Related: Portland's 10 Best Pop-Ups and Supper Clubs
Hours and prices:
Sousaka (11-course dinner) is $95, served at 6:30 pm Wednesday-Sunday. The "supahardcore" sushi dinner is $125, served one weekend per month.
404 SW 12th Ave., 503-444-7455, bamboosushi.com.
This super-slick downtown branch of the Bamboo family of sustainable sushi restaurants has a strong small-plate focus that can at times eclipse its fish, as is the case with the okonomiyaki. This seafood pancake ($8) is the savory sweet, umami-infused, scallop- and shrimp-studded Dutch baby you didn't know you wanted. Pair it with the albacore carpaccio ($15), dressed in its pickled shiitake finery, and a Sapporo and consider yourself sorted.
406 SW 13th Ave., 503-221-6278, masusushi.com.
At regular prices, Masu can cost as much as Yama or Fukami, the finest sushi in town. But at happy hour till 6 pm and after 10 pm? You're getting some of the best sushi deals in town, where $4 to $6 will net you maki filled with albacore tempura, tekka tuna, salmon, salmon skin, eel or spicy tuna from one of the finer spots in town. And the price break on most non-aji tuna nigiri is just as extravagant, rolling in at almost a 50 percent discount. Best. Late night sushi. Ever.
926 NW 10th Ave., 503-841-5463, yamasushiandsakebar.com. 11:30 am-10:30 pm Monday-Thursday, 11:30 am-11 pm Friday, noon-11 pm Saturday, noon-9:30 pm Sunday. $$-$$$$.
At Yama, the trick is to ignore almost everything.
If you're looking for sushi, your first step is to pass over Yama's second location on Southeast Division Street. Once at the labyrinthine Pearl spot, ignore the noodles and the teriyaki, as well as that layer-caked tower of tuna ($14.95). Be untempted by the silly-ass Flaming Jack roll ($14.95) that comes on foil, surrounded by a literal ring of flame.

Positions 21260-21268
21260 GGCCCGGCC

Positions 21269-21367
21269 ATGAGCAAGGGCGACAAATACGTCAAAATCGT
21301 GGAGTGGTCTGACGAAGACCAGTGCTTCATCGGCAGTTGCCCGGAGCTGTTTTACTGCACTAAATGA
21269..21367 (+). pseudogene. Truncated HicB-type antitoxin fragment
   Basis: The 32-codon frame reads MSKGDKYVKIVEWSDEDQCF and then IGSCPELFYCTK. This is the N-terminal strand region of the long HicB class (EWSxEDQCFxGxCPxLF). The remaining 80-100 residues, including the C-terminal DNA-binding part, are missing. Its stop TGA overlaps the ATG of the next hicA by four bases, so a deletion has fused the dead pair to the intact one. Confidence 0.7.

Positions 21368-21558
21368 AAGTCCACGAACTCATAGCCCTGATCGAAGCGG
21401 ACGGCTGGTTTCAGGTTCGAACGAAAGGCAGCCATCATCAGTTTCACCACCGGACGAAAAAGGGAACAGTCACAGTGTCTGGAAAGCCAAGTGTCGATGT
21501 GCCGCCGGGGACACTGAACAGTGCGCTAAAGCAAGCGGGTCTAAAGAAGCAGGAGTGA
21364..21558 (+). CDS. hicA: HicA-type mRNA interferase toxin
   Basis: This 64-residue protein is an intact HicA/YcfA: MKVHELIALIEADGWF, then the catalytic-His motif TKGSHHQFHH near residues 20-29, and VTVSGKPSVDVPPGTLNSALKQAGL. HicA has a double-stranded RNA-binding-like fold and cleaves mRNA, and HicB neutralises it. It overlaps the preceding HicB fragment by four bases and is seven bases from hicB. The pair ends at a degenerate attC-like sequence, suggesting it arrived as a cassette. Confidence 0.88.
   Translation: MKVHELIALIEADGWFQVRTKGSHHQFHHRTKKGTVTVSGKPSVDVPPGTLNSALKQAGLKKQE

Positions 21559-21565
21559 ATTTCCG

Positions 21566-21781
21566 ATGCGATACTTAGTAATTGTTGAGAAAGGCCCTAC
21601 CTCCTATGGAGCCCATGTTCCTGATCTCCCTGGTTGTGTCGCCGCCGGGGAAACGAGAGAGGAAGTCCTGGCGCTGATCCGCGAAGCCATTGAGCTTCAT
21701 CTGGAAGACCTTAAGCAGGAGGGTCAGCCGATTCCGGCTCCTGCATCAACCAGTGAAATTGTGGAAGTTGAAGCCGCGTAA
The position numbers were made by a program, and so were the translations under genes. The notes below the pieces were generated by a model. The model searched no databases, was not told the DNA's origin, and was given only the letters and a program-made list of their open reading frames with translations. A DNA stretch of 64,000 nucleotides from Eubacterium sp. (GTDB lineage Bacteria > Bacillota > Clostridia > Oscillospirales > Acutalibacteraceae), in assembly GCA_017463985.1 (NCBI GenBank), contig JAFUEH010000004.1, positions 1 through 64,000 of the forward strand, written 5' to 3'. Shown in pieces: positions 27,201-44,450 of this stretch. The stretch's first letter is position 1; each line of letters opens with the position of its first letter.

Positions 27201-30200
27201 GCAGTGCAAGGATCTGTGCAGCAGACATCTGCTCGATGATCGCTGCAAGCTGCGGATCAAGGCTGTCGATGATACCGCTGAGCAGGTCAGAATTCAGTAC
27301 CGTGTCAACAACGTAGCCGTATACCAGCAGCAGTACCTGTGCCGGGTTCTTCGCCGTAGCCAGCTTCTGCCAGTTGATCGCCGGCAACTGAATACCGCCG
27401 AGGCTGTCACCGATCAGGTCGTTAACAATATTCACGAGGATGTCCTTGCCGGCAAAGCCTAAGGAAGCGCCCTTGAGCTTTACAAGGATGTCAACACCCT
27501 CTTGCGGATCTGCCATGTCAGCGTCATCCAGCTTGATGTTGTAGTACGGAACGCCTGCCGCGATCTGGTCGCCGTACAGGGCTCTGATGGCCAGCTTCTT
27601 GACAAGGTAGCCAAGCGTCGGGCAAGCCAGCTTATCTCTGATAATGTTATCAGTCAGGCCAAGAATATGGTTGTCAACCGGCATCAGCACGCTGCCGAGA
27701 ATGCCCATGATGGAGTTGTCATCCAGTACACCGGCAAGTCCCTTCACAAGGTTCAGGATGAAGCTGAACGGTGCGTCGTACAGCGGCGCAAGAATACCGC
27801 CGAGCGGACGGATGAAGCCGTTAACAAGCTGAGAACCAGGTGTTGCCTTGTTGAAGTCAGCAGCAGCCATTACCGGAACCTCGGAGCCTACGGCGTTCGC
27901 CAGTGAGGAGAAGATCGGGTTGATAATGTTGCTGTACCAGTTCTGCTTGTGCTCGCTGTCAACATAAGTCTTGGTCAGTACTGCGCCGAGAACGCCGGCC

In fact, if there's a seat open, don't even go past the warm-wooded sushi counter by the the front door, where chef Heemoon Chae—known to every regular simply as "Chef Scott"—serves some of the finest-sourced, best-treated fish in all of Portland. Now, ignore the printed menu. If you don't want to spring for the omakase chef's choice meal ($60-$100)—offering a parade of delicate premium salmon or uni or bass that may bear little resemblance to the fish you order from the standard sushi checklist—look instead to the handwritten specials menu.
There, you may find tender whole perch—or whatever was available that day—grill-charred to perfection over tender flesh. When you believe you've eaten all of it, the server will swoop it away only to bring back a skeleton so beautifully carbonized you can eat it, too.
Perhaps on that same menu, you'll see a selection of five different salmon sashimis, each its own version of ungodly deliciousness, alongside a special catch of fatty tuna and an albacore tataki served with a light dusting of shiso leaf. It is as if the chef has laid bare his omakase—everything extraordinary and rare—and allowed you to choose your favorites. Augment with a 10-piece assorted nigiri ($28.95), which will arrive as a mix of exquisite familiars like wild salmon and hamachi alongside exotica like geoduck, a tender fillet of raw octopus and types of mackerel you never knew existed.